Martin is completely right that using the language of the domain effectively can help communicate domain concepts clearly between business people and technical people, but I believe he's wrong that a so-called "internal DSL" is effective at doing so.

Why?

Because (as people who dislike Perl oft expound) understanding a piece of code requires you to understand the operations and idioms used in the code.

To understand a SQL query containing a join (a declarative domain specific language for managing relational data), you need to understand (some portion of) the relational model. You don't have to understand the indexing algorithm used to select matching rows or the storage format of rows in relations in a persistent medium.

To understand the related procedural code to perform the same query without using SQL, you have to understand the indexing algorithm and the storage format -- or at least how to use API calls to perform those operations. The possible implementation decisions and semantics are much broader.

If Moose had a declarative, compile-time language for declaring classes and attributes, you could compare it to the existing "language", which relies on Perl parsing rules and quoting rules and may rely on order of compilation rules in some contexts.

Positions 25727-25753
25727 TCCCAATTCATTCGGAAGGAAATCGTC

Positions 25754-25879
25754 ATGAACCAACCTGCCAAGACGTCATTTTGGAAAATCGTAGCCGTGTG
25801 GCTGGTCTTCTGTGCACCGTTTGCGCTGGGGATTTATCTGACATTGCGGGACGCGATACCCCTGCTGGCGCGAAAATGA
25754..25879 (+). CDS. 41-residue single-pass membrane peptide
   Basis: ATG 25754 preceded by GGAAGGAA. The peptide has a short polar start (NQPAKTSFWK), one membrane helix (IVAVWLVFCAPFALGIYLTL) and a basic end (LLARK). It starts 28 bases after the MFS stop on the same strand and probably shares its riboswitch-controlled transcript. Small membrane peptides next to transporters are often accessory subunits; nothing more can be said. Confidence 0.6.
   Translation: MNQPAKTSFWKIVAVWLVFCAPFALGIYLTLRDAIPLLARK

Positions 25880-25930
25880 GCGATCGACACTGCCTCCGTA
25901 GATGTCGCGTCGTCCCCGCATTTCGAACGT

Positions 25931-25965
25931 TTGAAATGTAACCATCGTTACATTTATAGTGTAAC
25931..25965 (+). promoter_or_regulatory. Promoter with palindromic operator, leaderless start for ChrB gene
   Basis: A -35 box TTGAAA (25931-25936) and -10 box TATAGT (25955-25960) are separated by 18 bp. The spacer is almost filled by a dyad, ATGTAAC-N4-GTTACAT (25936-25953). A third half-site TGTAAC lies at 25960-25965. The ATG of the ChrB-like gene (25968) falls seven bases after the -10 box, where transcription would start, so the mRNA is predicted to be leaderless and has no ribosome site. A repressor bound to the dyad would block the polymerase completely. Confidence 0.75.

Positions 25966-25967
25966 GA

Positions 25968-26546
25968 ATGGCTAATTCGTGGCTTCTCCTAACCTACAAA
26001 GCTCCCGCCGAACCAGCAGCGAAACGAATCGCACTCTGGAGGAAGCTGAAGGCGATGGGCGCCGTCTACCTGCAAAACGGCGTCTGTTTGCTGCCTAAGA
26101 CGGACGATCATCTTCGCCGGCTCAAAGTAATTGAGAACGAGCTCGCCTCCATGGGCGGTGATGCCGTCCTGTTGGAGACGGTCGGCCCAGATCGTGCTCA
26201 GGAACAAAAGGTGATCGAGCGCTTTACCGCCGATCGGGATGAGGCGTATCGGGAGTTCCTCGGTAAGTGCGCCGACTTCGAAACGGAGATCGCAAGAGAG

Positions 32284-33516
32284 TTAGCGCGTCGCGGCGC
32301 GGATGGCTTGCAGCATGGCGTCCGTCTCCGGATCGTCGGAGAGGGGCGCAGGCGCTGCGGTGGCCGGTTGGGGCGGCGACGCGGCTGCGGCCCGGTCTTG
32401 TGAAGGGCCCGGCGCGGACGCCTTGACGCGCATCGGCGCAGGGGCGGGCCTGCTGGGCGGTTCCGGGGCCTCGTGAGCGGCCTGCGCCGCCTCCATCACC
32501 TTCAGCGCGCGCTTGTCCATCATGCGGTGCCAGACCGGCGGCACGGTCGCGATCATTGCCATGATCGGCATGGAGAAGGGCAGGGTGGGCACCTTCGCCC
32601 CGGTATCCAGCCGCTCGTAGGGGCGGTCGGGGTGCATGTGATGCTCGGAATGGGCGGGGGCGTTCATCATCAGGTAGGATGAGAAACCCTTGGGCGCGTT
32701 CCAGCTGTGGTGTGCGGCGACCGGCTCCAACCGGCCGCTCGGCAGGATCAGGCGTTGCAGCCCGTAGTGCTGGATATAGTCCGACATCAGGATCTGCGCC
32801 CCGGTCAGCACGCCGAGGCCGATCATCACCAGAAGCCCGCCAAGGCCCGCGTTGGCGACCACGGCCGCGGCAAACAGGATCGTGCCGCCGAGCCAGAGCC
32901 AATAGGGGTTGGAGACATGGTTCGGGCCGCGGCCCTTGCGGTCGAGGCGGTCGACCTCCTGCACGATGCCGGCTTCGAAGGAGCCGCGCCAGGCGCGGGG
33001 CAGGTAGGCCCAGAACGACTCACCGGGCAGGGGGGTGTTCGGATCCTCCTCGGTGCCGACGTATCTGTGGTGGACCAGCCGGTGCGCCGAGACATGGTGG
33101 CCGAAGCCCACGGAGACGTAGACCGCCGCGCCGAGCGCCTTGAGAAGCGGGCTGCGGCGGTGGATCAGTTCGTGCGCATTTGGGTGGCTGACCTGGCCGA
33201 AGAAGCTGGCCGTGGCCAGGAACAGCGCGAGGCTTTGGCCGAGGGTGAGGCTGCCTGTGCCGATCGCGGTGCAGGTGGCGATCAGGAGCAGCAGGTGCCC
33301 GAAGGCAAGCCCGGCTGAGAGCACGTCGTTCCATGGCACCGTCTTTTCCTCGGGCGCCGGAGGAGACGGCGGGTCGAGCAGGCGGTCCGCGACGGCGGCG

While I agree that a reasonably skilled participant in a domain may be able to get a rough impression of the business logic expressed in a so-called "internal DSL" -- certainly enough that she may be able to debug blatant logic errors -- the knowledge of the host language's semantics is necessary for a direct comprehension of the implications embedded in that pidgin. You still have an API Town mailing address, no matter how much you want to pretend you live in the wonderful Land of I Can Writed a DSL (unless you want to claim that we're all born with an intrinsic understanding of Ruby's variable/method scoping/shadowing rules and the difference between a Symbol and a String, like some sort of Jungean glossalaia).

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  • To start I am not a fan of the modeling gang like Martin Fowler and his buddies of the agile manifesto, I believe they ruined the topic (software modeling) for generations to come, they took something smart and turn it into something dumb and silly, and not smart at all!

    But I have to say, every now and them being the veterans that they are, something smart comes out of them.